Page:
Physical activity in older age: how much is enough?

Lack of activity destroys the good condition of every human being while movement and methodical physical exercise save it and preserve it

It’s long been known that making physical activity a regular habit is important for health and wellbeing. But health promotion messages often target children and young people, with less focus on the importance of physical activity in people aged 65 years and over. However, older age is a crucial time for making activity part of every day.

The WHO Global recommendations on physical activity for health recommend that people aged 65+ years should do at least 150 minutes of moderate-intensity physical activity, or at least 75 minutes of vigorous-intensity physical activity, or an equivalent combination of moderate- and vigorous-intensity activity throughout the week. It also recommends that older adults perform physical activity to enhance balance and prevent falls on 3 or more days per week, and take part in muscle-strengthening activities at least twice weekly. Despite clear recommendations about the amount of physical activity associated with health gains, around one third of the world’s population is physically inactive, with older people being the most inactive. 

It’s important to note that doing something is better than nothing, even if people can’t quite manage the amount recommended by guidelines. Physical activity can include a range of activity types, from structured exercise classes, to active transport, to gardening and home maintenance. Starting small and building up the amount and intensity of activity and choosing something enjoyable are the best ways to start.  For those who are already participating in more vigorous activities such as running, rowing, or cycling, ageing is no reason to stop if a person’s health allows it. 

Falls are also a common issue in older age, with around 1 in 3 people aged 65 + falling each year. Falls often have lasting, devastating consequences for an older person and their family, and can result in an older person moving into residential aged care. Falls are not inevitable, and can be prevented with regular exercise that challenges balance, such as tandem walking or repeated sit-to-stand exercises.

Older people face particular barriers to being more physically active – these can be financial, physical, social or practical. Some older adults find electronic gadgets that track daily physical activity useful for reminding and motivating them to be more active.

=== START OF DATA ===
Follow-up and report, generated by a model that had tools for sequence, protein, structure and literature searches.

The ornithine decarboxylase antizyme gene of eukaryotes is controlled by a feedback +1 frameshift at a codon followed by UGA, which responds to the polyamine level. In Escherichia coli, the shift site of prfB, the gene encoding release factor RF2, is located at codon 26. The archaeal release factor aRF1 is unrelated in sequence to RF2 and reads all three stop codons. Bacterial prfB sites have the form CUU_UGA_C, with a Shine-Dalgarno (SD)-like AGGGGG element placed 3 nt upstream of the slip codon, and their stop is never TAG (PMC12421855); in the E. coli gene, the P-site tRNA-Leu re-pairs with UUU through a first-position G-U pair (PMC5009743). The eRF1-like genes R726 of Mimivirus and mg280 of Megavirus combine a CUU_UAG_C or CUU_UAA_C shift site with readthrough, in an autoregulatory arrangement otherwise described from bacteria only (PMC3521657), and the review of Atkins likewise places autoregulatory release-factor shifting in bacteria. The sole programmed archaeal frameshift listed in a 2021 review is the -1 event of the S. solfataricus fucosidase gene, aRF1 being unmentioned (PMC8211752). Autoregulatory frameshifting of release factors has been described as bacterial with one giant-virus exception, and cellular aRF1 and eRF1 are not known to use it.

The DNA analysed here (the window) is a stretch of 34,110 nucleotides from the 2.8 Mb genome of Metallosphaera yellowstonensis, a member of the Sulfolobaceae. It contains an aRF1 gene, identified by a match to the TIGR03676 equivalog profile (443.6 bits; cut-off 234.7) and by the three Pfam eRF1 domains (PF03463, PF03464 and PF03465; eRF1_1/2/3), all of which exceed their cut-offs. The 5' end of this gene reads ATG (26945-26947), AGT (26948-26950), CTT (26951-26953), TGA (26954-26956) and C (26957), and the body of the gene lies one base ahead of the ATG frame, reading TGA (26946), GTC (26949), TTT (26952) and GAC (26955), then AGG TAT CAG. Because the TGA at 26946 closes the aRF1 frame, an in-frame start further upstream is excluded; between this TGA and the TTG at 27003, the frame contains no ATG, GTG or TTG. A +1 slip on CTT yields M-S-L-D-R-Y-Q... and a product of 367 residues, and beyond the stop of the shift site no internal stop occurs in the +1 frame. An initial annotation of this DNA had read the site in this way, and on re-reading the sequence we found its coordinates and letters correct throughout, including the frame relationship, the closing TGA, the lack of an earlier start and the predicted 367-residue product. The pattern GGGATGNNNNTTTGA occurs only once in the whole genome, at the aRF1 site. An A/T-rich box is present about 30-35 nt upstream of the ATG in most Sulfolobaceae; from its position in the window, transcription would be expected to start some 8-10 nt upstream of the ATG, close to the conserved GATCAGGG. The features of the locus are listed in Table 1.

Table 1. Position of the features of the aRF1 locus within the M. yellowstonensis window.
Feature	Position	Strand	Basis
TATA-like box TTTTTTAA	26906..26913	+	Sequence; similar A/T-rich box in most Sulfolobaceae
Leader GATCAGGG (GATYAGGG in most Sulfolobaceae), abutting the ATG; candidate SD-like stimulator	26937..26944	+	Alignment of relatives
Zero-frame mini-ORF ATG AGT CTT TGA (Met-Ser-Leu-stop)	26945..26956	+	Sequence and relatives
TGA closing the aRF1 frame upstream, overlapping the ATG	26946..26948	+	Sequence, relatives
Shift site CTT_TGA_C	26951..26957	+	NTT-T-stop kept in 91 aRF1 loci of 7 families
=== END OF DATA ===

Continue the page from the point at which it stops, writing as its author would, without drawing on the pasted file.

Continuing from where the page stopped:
Some people require a more supported approach to stay on track and reach their physical activity goals. Health coaching is a person-centred approach that commonly includes motivational interviewing techniques and solution-focused goal setting as strategies for promoting behaviour change. A recent systematic review of the effect of health coaching on physical activity among people aged 60+ demonstrated significant improvements in physical activity with this approach.

Goal setting is another strategy that promotes physical activity behaviour change. Goals encourage people to create a sense of urgency and motivation to invest time and energy to make the desired change. To maximise effectiveness, goals should be self-directed and meet S.M.A.R.T  criteria: Specific, Measurable, Attainable, Relevant and Timely.

The social benefits of physical activity participation are often particularly important to older people. There are many options for people who prefer to exercise in organised groups. Many local councils organise free walking groups – these are a way of keeping active in a fun and sociable way. Or for a bit more of a challenge, Parkrun is a free, weekly 5km timed running (or walking) event in more than 1,700 locations across the globe.

At any age the message around physical activity is simple- be as active as you can, in as many ways as possible, as often as you can. Doing something is better than doing nothing, and every little bit counts towards better health.


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